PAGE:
Digital customer service at Bank of America surges in Q1

Bank of America (BofA) reported its Q1 2021 earnings, showing a profit increase of 47% to $8.1 billion, up from $5.5 billion in Q4 2020. Similar to its US counterparts, a strengthening outlook for the broader economy enabled the bank to release $2.7 billion in loan loss reserves in Q1, spurring the positive growth. Alongside profits at BofA, digital customer service usage also expanded in two key areas—appointment scheduling and interactions with the bank’s virtual AI assistant, Erica.

The bank saw a substantial uptick in appointments scheduled through digital channels, and it should encourage customers to maintain the practice post-pandemic. The number of client-scheduled appointments made via online, smartphone, or tablet jumped 23% from the previous quarter. Last month, Insider Intelligence recommended that financial institutions blend digital tools with physical branches to maximize convenience for customers, and BofA’s increased use of digital for scheduling displays a willingness for such a service. By delegating more scheduling to its digital platform, BofA could create a more efficient in-branch experience and free up its employees to focus on complex and high-value services, like mortgages or personal loans.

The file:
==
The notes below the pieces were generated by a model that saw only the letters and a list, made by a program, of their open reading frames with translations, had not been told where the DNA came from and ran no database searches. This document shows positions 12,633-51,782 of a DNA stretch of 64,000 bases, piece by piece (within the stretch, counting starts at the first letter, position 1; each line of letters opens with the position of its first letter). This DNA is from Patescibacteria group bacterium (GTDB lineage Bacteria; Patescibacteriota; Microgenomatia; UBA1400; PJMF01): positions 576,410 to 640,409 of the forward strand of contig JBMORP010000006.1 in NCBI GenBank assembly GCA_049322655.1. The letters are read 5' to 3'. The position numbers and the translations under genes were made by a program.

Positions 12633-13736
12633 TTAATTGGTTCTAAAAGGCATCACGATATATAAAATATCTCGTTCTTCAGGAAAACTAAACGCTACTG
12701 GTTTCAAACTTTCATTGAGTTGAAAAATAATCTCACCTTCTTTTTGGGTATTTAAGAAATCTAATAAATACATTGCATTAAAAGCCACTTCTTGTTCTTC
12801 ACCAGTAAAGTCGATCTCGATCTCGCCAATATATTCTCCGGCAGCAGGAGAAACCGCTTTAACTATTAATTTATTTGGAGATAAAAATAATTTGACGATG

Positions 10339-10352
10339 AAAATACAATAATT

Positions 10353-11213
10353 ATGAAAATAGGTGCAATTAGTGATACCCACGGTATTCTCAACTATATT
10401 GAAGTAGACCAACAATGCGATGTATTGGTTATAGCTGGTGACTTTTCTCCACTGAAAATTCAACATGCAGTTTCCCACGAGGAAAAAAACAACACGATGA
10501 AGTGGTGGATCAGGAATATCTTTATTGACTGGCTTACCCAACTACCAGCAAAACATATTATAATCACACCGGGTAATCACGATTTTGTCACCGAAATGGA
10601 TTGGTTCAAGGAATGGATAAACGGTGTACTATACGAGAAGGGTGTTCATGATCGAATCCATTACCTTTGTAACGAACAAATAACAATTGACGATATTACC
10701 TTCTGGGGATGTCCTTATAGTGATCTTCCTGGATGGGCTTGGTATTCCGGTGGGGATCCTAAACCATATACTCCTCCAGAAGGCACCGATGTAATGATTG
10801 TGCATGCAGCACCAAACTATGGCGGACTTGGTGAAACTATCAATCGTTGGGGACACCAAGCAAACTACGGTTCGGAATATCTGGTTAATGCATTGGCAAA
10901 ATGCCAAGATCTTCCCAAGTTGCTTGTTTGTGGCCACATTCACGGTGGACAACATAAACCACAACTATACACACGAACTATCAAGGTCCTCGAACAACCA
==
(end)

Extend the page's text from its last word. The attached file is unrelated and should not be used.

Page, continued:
Engagement with BofA’s AI virtual assistant also skyrocketed, but the bank should look to augment its service with more human interaction.

  • Erica saw record growth over the last quarter. Between Q4 2020 and Q1 2021, the AI assistant gained over 2 million users, hitting 19.5 million. Over the same period, it saw a record 198% jump in total interactions with the service. During the early days of the crisis, the bank better equipped Erica to respond to pandemic-related inquiries, which precipitated a spike in users. It’s possible that BofA similarly ramped up Erica to more accurately field stimulus-related questions, potentially contributing to Q1’s noteworthy growth.
  • Erica’s technological sophistication enables a superior level of convenience, but BofA could enhance the offering by providing access to human bankers. US consumers still place a significant amount of value on human interaction when it comes to dealing with their banks. Erica is beginning to increase its ability to respond to more complex inquiries, but it’s likely still a few years away from being able to handle questions concerning sophisticated products or services. For those specific instances, it could pass off a customer to a live service representative in-app that could better assist them—similar to NatWest’s upcoming video feature. A hybrid approach would still provide users with the convenience they’ve come to rely on, while also maintaining access to the human support they value.